Journal of Business Ethics

, Volume 121, Issue 3, pp 441–449 | Cite as

An Economic Analysis on Overbilling Incentives and Auditing Programs

  • Chris KuoEmail author


An institutional auditing program typically consists of the following steps: a sample audit, the decision to move to the full audit, a settlement offer, and the full audit. Statistical sampling techniques are often used to estimate the overbilling percentage and amount. This paper discusses the optimal settlement offer, the net recovery through auditing, the condition for the auditors to move to the full audit, and how an auditing program can be truly cost-effective. This paper provides an evaluation for the statistical sampling techniques to an auditing program. The economic incentives of a contractor to overbill are also identified. Finally, it presents the key metrics and the managerial implications for auditing managers to design or enhance their auditing programs.


Asymmetric information Auditing Statistical sampling Settlement 


  1. Andreoni, J., Erard, B., & Feinstein, J. (1998). Tax compliance. Journal of Economic Literature, 36, 818–860.Google Scholar
  2. Bebchuk, L. (1984). Litigation and settlement under imperfect information. RAND Journal of Economics, 15, 404–415.CrossRefGoogle Scholar
  3. Bebchuk, L. (1996). A new theory concerning the credibility and success of threats to sue. Journal of Legal Studies, 25, 1–25.CrossRefGoogle Scholar
  4. Cooter, R. D., & Rubinfield, D. L. (1998). Economic analysis of legal disputes and their resolution. Journal of Economic Literature, 27, 1067–1097.Google Scholar
  5. Darby, M. R., & Karni, E. (1973). Free competition and the optimal amount of fraud. Journal of Law and Economics, 16(1), 67–88.CrossRefGoogle Scholar
  6. Daughety, A. F. (2000). Settlement. In B. Bouckaert & G. De Geest (Eds.), Encyclopedia of law and economics. London: Edward Elgar.Google Scholar
  7. Dulleck, U., & Kerschbamer, R. (2006). On doctors, mechanics, and computer specialists: The economics of credence goods. Journal of Economic Literature, 44, 5–42.CrossRefGoogle Scholar
  8. Emons, W. (1997). Credence goods and fraudulent experts. RAND Journal of Economics, 28(1), 107–119.CrossRefGoogle Scholar
  9. Franzoni, L. A. (1999). Negotiated enforcement and credible deterrence. Economic Journal, 109(458), 509–535.CrossRefGoogle Scholar
  10. Franzoni, L. A. (2004). Discretion in tax enforcement. Economica, 71, 369–389.CrossRefGoogle Scholar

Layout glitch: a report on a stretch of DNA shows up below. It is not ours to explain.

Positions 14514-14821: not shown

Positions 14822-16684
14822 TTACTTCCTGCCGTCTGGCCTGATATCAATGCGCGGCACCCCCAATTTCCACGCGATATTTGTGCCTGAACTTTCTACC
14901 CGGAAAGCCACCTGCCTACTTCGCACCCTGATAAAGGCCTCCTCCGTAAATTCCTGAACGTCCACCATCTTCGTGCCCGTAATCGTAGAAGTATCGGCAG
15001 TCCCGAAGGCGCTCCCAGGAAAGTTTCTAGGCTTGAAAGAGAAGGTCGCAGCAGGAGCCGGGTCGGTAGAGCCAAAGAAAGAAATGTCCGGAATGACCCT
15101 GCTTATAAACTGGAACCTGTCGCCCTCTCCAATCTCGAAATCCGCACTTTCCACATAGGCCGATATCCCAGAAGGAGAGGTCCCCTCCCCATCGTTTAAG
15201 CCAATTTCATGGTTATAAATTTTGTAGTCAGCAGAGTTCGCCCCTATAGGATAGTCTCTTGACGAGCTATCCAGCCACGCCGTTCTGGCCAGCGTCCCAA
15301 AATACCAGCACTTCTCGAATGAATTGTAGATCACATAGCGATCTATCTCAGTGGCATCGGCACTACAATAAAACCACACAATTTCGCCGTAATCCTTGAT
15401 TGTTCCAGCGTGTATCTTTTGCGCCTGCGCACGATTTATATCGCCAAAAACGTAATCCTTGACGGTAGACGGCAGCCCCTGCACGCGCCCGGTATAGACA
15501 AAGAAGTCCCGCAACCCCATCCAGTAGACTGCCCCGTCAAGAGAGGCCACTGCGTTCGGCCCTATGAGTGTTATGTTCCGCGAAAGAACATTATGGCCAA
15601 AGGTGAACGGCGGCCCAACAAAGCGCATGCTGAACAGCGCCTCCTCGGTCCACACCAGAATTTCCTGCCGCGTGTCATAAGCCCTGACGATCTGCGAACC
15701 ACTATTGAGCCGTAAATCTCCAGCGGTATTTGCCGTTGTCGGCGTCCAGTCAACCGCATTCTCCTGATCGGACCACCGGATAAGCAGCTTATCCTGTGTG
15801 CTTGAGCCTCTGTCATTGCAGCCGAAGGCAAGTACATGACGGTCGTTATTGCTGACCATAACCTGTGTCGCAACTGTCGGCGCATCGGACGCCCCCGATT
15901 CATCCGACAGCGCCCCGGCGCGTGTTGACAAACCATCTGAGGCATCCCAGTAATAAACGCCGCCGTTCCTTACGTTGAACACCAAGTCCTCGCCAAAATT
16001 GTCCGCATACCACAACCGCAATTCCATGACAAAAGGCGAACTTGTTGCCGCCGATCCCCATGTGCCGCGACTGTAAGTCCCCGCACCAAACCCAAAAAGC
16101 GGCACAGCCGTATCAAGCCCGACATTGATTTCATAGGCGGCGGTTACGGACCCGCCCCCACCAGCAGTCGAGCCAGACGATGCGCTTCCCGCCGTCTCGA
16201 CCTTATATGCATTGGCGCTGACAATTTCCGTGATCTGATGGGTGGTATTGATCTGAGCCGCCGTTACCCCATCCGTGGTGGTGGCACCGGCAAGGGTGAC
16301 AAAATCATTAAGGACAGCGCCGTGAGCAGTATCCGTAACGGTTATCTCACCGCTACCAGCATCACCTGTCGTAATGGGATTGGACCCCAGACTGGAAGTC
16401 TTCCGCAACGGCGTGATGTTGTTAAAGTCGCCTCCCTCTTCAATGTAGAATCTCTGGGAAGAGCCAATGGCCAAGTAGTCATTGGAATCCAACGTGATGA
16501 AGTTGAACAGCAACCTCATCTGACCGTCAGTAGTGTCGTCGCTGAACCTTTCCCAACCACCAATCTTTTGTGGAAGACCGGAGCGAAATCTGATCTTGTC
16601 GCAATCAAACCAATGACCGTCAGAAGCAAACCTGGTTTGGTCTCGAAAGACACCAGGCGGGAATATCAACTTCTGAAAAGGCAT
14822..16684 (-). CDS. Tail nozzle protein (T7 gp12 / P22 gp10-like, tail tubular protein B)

11. Franzoni, L. A. (2008). Tax compliance. In B. Bouckaert & G. De Geest (Eds.), Encyclopedia of law and economics. London: Edward Elgar.Google Scholar
  12. Hay, B., & Spier, K. (1998). Litigation and settlement. In P. Newman (Ed.), The new Palgrave dictionary of economics and the law. London: MacMillan.Google Scholar
  13. Kennan, J., & Wilson, R. (1991). Bargaining with private information. Journal of Economics Literature, 31, 381–399.Google Scholar
  14. Kritzer, H. (1991). The justice broker: Lawyers and ordinary litigation. New York: Oxford University Press.Google Scholar
  15. Lerman, L. G. (1990). Lying to clients. University of Pennsylvania Law Review, 138, 659–760.CrossRefGoogle Scholar
  16. Lohr, S. (1999). Sampling design and analysis. Pacific Grove, CA: Duxbury Press.Google Scholar
  17. Macho-Stadler, I., & Péres-Castrillo, J. D. (2004). Settlement in tax evasion prosecution. Economica, 71, 349–368.CrossRefGoogle Scholar
  18. McCluskey, J. J. (2000). A game theoretic approach to organic foods: An analysis of asymmetric information and policy. Agricultural and Resource Economics Review, 29, 1–9.Google Scholar
  19. Pitchik, C., & Schotter A. (1987). Honesty in a model of strategic information transmission. American Economic Review, 77, 1032–1036.Google Scholar
  20. Polinsky, A. M., & Shavell, S. (2007). The theory of public enforcement of law. In A. M. Polinsky & S. Shavell (Eds.), Handbook of law and economics. Amsterdam: Elsevier, North-Holland.Google Scholar
  21. Reinganum, J. F., & Daughety, A. F. (1994). Settlement negotiations with two-sided asymmetric information: Model duality, information distribution and efficiency. International Review of Law and Economics, 14, 283–298.CrossRefGoogle Scholar
  22. Richmond, D. R. (2008). For a few dollars more: The perplexing problems of unethical billing practices by lawyers. S.C.L. Review, 63–70.Google Scholar
  23. Schweizer, U. (1989). Litigation and settlement under two sided incomplete information. Review of Economic Studies, 56, 163–177.CrossRefGoogle Scholar
  24. Spier, K. E. (1992). The dynamics of pretrial negotiation. Review of Economic Studies, 59, 93–108.CrossRefGoogle Scholar
  25. Wolinsky, A. (1993). Competition in a market for informed experts’ services. RAND Journal of Economics, 24, 380–398.CrossRefGoogle Scholar

Copyright information

© Springer Science+Business Media Dordrecht 2013

Authors and Affiliations

  1. 1.Liberty Mutual Insurance CompanyBostonUSA

Personalised recommendations